As the pain rolled on and on, Kate just wanted to die. She knew no one was going to rescue her, they never had before and it was a little late to start believing they would now. For some reason, she knew it was her lot in life to suffer, to be alone and be miserable, no matter how hard she tried to make her life any different. Surely, it was time for the curse on her life to stop? The voice in her head said otherwise, apparently, there was much worse to come. What could be worse than this, she thought.
Once the pain started to make her want to push, it all became a little more bearable. At least she felt more in control of the situation, not just lying there helplessly, being tortured.
The baby, a boy, was born that evening and nobody could have been more pleased it was over than Kate herself.
Throughout the ordeal, the voice had kept up a running commentary about her life being ruined. How she had wasted every opportunity and how sorry it was. The last bit surprised her, for she had always thought it disliked her. It had never said anything with any hint of kindness in it before. If it was simply trying to depress her more than she was already, it had succeeded.
Kate remembered looking at the baby, her baby, amazed at how ugly it was. Where was the cute little bundle she knew other people had? This scrawny screwed up thing was not what she had been expecting at all. It looked half dead. She had hoped to feel a surge of affection, and she felt nothing at all. Not even relief it was all over because she knew it wasn’t.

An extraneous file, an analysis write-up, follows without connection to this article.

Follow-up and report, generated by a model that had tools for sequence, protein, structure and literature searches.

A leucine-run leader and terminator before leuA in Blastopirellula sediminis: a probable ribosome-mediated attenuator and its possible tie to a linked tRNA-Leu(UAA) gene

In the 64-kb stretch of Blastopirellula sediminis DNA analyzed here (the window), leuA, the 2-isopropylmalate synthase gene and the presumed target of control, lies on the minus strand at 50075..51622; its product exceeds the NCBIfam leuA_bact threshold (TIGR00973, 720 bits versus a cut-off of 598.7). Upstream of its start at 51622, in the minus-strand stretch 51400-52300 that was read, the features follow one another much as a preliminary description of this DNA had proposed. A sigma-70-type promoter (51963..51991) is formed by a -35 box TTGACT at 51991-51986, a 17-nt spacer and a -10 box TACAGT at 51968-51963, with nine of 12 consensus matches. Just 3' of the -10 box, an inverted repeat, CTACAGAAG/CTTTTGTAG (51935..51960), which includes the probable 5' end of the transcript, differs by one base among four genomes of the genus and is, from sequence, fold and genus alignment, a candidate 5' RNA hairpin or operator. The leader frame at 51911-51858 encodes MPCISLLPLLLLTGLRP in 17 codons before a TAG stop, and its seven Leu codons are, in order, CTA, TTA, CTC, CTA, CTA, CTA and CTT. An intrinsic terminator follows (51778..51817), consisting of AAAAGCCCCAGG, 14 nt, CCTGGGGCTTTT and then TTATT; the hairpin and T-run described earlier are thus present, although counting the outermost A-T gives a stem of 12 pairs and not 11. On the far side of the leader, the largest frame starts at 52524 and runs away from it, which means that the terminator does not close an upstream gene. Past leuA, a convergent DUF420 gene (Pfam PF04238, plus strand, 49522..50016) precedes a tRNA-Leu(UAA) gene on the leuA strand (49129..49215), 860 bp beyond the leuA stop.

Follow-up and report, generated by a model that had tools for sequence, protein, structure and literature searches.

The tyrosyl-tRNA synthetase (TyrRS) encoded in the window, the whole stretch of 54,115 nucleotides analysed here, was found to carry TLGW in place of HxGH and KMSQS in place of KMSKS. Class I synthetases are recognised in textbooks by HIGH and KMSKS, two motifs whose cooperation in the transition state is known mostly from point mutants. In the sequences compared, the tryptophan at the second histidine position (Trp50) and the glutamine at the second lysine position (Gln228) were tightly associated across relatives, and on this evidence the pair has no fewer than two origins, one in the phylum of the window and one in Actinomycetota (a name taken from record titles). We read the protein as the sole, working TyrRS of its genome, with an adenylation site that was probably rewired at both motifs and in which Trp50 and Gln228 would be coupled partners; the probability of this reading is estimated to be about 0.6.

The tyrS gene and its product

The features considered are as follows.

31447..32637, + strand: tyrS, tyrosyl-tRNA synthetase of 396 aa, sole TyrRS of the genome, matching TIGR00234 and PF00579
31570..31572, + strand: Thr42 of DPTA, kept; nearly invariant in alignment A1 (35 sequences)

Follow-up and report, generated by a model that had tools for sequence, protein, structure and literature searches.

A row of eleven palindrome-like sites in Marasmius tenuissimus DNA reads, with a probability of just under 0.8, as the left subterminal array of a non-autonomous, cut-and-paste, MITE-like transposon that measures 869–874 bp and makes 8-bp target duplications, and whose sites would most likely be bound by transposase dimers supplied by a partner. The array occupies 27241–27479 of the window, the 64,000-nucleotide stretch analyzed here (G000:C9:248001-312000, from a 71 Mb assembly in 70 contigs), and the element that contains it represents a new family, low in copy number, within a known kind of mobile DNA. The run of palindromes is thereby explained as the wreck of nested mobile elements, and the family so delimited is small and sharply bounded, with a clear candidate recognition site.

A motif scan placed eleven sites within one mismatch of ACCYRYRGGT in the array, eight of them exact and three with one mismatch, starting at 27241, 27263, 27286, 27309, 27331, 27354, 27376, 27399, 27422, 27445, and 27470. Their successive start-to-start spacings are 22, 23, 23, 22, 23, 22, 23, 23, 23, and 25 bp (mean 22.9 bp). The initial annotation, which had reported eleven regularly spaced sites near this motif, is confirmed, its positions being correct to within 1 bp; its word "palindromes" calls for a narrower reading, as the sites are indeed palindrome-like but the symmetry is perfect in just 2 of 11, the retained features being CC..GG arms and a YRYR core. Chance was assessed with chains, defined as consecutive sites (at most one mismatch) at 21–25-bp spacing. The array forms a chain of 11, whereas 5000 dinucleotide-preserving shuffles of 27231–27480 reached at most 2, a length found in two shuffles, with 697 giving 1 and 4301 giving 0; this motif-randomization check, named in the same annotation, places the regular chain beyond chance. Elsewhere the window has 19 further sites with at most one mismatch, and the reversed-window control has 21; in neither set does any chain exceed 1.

All her troubles had just doubled and she could see no way out of the mess she had made of her life. No one was going to rescue her, that was for sure. Realising real life was nothing like the movies was harsh, and timely.
Despair flooded in as Kate realised something else. She would no longer be able to keep herself invisible. With a screaming baby in tow, the whole world could see her and know what she was doing.
Why hadn’t she been more careful?
As Kate sat in the park, misery beginning to seep from every pore, she knew she would have to pull herself together and get a grip. Other people had a lifetime of sadness to get through and her life could have been so much worse. Brooding never helped anyone, she thought. Wouldn’t it be nice if you could put all your sad memories in a box and never open it again?
She sniffed. Avoiding the park at the weekends would be a step in the right direction though.